Masked Jihadist Responsible for Beheading James Foley Identified By British Government


The masked Muslim extremist who is responsible for beheading American journalist James Foley has been identified by British security services.

Up until now, little was known about the jihadist known as “John the Beatle,” who can be seen on video clutching Foley from behind while holding a knife and speaking in a British accent, but senior government officials confirmed last night that they have identified the suspected killer and member of the Islamic State, formerly known as ISIS, reports New York Post.

Although M15 and M16 officials won’t release the suspect’s name, many believe he is 23-year-old British rapper Abdel-Majed Abdel Bary, who reportedly comes from a privileged home in west London, reports The Sunday Times. Sources say the man, who recently tweeted a photo of himself holding a severed head, left England last year and traveled to Syria to fight in its war.

Bary is one of four jihadist suspects nicknamed “the Beatles,” whom British authorities believe may be behind Foley’s capture and murder. The others include the brother of a British doctor and a former gang member who converted to Islam and, like Bary, made his way to Syria in order to fight in its war.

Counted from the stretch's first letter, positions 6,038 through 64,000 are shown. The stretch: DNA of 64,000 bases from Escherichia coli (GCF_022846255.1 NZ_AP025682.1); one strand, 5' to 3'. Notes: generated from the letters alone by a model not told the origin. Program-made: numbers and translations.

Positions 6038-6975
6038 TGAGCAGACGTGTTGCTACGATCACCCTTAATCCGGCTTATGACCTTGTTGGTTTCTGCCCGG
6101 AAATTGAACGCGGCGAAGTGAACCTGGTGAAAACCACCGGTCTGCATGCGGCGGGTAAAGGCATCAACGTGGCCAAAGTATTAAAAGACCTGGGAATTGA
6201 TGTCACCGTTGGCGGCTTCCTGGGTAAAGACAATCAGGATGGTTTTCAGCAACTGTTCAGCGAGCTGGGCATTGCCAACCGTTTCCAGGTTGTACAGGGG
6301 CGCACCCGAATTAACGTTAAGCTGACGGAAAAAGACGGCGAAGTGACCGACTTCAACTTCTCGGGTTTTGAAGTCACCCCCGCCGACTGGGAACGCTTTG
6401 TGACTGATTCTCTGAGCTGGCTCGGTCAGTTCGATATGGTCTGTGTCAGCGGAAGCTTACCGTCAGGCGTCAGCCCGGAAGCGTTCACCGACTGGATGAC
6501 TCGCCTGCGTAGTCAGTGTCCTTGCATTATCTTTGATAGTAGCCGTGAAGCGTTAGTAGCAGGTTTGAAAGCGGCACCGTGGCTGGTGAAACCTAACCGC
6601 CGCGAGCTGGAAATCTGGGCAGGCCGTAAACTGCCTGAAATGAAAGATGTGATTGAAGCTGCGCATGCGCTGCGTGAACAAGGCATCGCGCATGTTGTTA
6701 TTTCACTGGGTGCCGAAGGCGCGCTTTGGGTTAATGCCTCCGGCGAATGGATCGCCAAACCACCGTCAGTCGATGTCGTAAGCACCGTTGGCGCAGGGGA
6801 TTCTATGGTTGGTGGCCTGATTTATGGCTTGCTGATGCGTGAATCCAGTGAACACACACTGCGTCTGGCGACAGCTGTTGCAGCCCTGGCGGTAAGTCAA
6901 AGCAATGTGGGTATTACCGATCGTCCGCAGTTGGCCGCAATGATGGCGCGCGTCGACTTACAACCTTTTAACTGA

“It is horrible to think that the perpetrator of this heinous act could have been brought up in Britain,” British Foreign Secretary Phillip Hammond wrote in the Sunday Times.

According to experts, more than 500 British nationals have traveled to Syria and Iraq in recent months with the intention of carrying out “brazen” acts of violence in the region, reports The Telegraph. It has been suggested that Foley’s death, at the hands of British Muslim extremists, sends forth the message that United Kingdom militants are no longer “foot soldiers within Isil,” but have assumed senior positions within the established organization.

“This is the first time we have seen the ISIL adopt this rather aggressive, directly confrontational approach to the Western world with the execution of James Foley,” said Shiraz Maher, of the International Centre for the Study of Radicalisation at King’s College in London. “If that intensifies, they may look to British fighters, within their ranks … to look towards sending some of them back to carry out attacks here. It’s a very real threat.”

Sources: New York Post, The Sunday Times, The Telegraph

Photo Credit: Reuters


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